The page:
In this time of crisis, those who are not healthy, financially well off or surrounded by loved ones may need assistance because of sudden unemployment or social isolation. Happily, Palo Alto's enterprising residents are jumping in to help, and you can join them. Howard Kushlan of Professorville started a Google list for people who are willing to do things for others like run errands, walk dogs and get much-needed medication. Go to tinyurl.com/helpPA to sign up.

The city of Palo Alto is also seeking to organize volunteers and those who need assistance. See cityofpaloalto.org/coronavirus for more information. And if you are able to give blood, there's currently a shortage at the Stanford Blood Center — and there's no risk to your health from donating blood. Go to stanfordbloodcenter.org.

8. Take in some visual art — or make your own.

Now you could press your nose against the windows of the Palo Alto Art Center and peer in, but you'll see much more by taking a virtual tour of its recent tree-themed exhibit, "Rooted: Trees in Contemporary Art." In this unique show, created in partnership with the nonprofit Canopy, "artists from around the world use trees as subject, symbol and medium to illuminate the world around us," the Art Center states. The virtual tour, at canopy.org/rooted-exhibit-2020, offers photos, videos and bonus features. For those wanting to get more hands-on, artist Sam Price is holding free virtual collage classes on Fridays at 11 a.m. It's for kids and family members of all ages and can be found at paacf.org/collage-with-sam-price.html.

9. Listen to an uplifting message.

Faith leaders in the area scrambled to move their weekly services online after the county's March 16 order banned all gatherings. As a result, the inspirational messages often heard only by those inside the walls of churches and synagogues are now online for all to hear. This past week, the topic was "The Pursuit of Happiness" at Menlo Church (Menlo.Church/messages), while at First Presbyterian Church of Palo Alto, Pastor Bruce Reyes-Chow discussed the temptations of power and control during his church's livestreaming service (facebook.com/fpcpaloalto). Congregation Beth Am of Los Altos Hills held an online discussion of "Judaism in times of crisis" (betham.org/virtual), and Rev. Kaloma Smith of the University AME Zion Church in Palo Alto spoke on "The Antidote to Anxiety," which can be viewed at facebook.com/universityamez (special bonus: gospel music with singers and a band).

10. Spend some screen time with someone isolated.

Finally, technology has made it so that isolation doesn't have to equate to loneliness. Through free apps easily downloadable onto tablets and laptop computers, including FaceTime, Skype and Zoom, people can reach out for conversation. Co-workers are organizing virtual happy hours online to stay connected to each other, and other people are reaching out to relatives or friends who live alone to talk or play games. If you need help with technology, go to YouTube.com and search for "How to use FaceTime" (or Skype or Zoom) for instructional videos. Or contact Avenidas senior center, which offers resources at avenidas.org/programs/avenidas-without-walls or by calling 650-289-5400.

Find comprehensive coverage on the Midpeninsula's response to the new coronavirus by Palo Alto Online, the Mountain View Voice and the Almanac here.

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10 things you can still do in Palo Alto (while keeping your social distance)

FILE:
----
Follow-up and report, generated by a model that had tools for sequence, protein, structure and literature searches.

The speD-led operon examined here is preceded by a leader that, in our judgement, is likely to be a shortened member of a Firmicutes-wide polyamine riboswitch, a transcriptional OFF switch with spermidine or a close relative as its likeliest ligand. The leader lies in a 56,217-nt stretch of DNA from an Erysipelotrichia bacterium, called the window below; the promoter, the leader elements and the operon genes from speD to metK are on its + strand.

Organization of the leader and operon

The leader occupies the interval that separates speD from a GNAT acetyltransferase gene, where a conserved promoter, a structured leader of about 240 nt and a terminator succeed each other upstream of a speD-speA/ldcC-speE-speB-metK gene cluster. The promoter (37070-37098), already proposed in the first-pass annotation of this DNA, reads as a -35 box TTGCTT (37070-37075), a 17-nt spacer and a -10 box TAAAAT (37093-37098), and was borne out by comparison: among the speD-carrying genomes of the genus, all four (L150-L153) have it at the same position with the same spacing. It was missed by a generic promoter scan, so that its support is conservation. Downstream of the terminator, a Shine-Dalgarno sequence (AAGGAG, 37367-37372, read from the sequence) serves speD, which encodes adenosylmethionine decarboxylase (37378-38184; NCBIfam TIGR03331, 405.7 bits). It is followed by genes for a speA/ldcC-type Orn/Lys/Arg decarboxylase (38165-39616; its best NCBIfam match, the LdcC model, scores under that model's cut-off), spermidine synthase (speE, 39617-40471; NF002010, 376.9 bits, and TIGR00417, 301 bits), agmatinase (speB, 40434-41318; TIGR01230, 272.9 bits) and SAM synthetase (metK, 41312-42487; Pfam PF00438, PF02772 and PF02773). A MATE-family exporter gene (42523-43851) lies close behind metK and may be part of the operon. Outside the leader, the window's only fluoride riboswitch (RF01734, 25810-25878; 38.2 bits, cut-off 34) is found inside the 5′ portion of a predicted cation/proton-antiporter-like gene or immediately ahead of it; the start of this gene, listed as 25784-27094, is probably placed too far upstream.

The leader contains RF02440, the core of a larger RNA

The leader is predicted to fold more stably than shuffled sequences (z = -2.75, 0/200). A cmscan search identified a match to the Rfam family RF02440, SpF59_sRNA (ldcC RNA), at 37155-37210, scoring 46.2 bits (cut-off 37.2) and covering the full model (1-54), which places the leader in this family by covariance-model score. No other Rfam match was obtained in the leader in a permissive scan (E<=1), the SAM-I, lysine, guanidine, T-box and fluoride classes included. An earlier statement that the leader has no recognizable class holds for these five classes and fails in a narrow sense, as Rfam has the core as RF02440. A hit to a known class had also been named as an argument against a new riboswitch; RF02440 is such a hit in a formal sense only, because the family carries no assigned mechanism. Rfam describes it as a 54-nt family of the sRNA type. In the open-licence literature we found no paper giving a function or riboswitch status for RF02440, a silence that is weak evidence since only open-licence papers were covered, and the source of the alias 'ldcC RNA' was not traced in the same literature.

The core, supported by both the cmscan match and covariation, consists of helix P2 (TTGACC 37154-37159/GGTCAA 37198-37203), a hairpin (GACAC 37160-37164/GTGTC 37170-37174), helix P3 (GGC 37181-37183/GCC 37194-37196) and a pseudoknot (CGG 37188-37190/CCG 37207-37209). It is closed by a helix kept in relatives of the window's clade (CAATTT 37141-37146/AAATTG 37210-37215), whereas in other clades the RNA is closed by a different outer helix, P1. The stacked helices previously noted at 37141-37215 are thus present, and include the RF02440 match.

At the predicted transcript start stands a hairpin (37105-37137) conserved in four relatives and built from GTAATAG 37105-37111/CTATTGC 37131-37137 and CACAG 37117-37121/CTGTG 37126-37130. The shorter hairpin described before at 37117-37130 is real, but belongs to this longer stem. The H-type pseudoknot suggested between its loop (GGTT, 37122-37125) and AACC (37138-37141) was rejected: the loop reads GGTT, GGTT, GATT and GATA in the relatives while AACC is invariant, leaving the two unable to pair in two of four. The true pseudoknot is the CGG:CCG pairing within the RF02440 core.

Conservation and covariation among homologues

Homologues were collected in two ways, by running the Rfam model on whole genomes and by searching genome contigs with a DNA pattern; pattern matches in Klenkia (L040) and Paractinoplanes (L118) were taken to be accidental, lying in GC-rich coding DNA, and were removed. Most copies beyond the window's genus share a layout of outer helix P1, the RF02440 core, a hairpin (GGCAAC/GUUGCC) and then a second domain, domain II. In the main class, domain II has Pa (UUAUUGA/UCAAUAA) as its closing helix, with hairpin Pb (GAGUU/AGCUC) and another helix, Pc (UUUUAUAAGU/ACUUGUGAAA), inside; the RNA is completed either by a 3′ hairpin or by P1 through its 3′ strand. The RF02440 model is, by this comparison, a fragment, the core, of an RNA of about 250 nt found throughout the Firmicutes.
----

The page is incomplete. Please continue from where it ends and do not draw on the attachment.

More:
Here's how to expand your world while staying in your own backyard

by / Palo Alto Weekly

Uploaded: Fri, Mar 27, 2020, 6:55 am
Updated: Fri, Apr 3, 2020, 11:30 am

A week and a half into the stay-at-home order that's hopefully flattening the curve of the coronavirus contagion, and the roaring engine of Silicon Valley has grown eerily quiet.

Inside our houses and apartments, we wonder: Is anyone else here? What are other people doing?

Even those using the technology of video conferencing for work and schooling are feeling an odd sense of disconnection and dislocation. The world has shrunk to fit into the screen of a laptop. Our full-throated lives have turned into mere pantomime.

But fortunately, despite the loss of routine, social contact and freedom to get around, there are still options for things to do in Palo Alto other than binge-watching Netflix and taking the dog for another walk.

All around us, local arts organizations, community groups, businesses and neighborhoods have been busy trying to keep life and community going, albeit in unique ways.

For those who are healthy and able to get outside, here are some ideas for staying connected to the broader Palo Alto community. And if you are in quarantine or otherwise housebound, don't worry: There are also activities you can engage in from the great indoors that will expand your world.

Read on for the Weekly's top 10 things you can still do in Palo Alto.

1. Walk or bike to parks and landmarks.

In its March 16 stay-at-home order, the Santa Clara County Public Health Department stated: "Spending time outside improves mood and well-being. ... You can go for walks, go to the park and engage in other similar activities" — with the proper social distance of 6 feet between you and others, of course. That's good news because with the rain this past week, gardens and neighborhood parks are looking more vibrant than ever. At Palo Alto's Gamble Garden on Embarcadero Road, tulips are blooming, and the Barron Park donkeys, Perry and Jenny, in Bol Park, 3590 Laguna Ave., are currently welcoming in-person visitors during the day. (Go to barronparkdonkeys.org for more information.)

Other options: the Stanford Dish and Stanford University campus, which have wide paths. Be wise, though, and don't enter an area if many people are there already. (Update: On April 2, Stanford issued an alert stating the Stanford Dish will be closed beginning 5 p.m. on April 3 due to a "persistent minority" of people not complying with public health and safety measures.)

And if you choose to visit an open space preserve, you'll want to bike or walk there; Palo Alto has closed parking lots at the preserves to prevent crowds.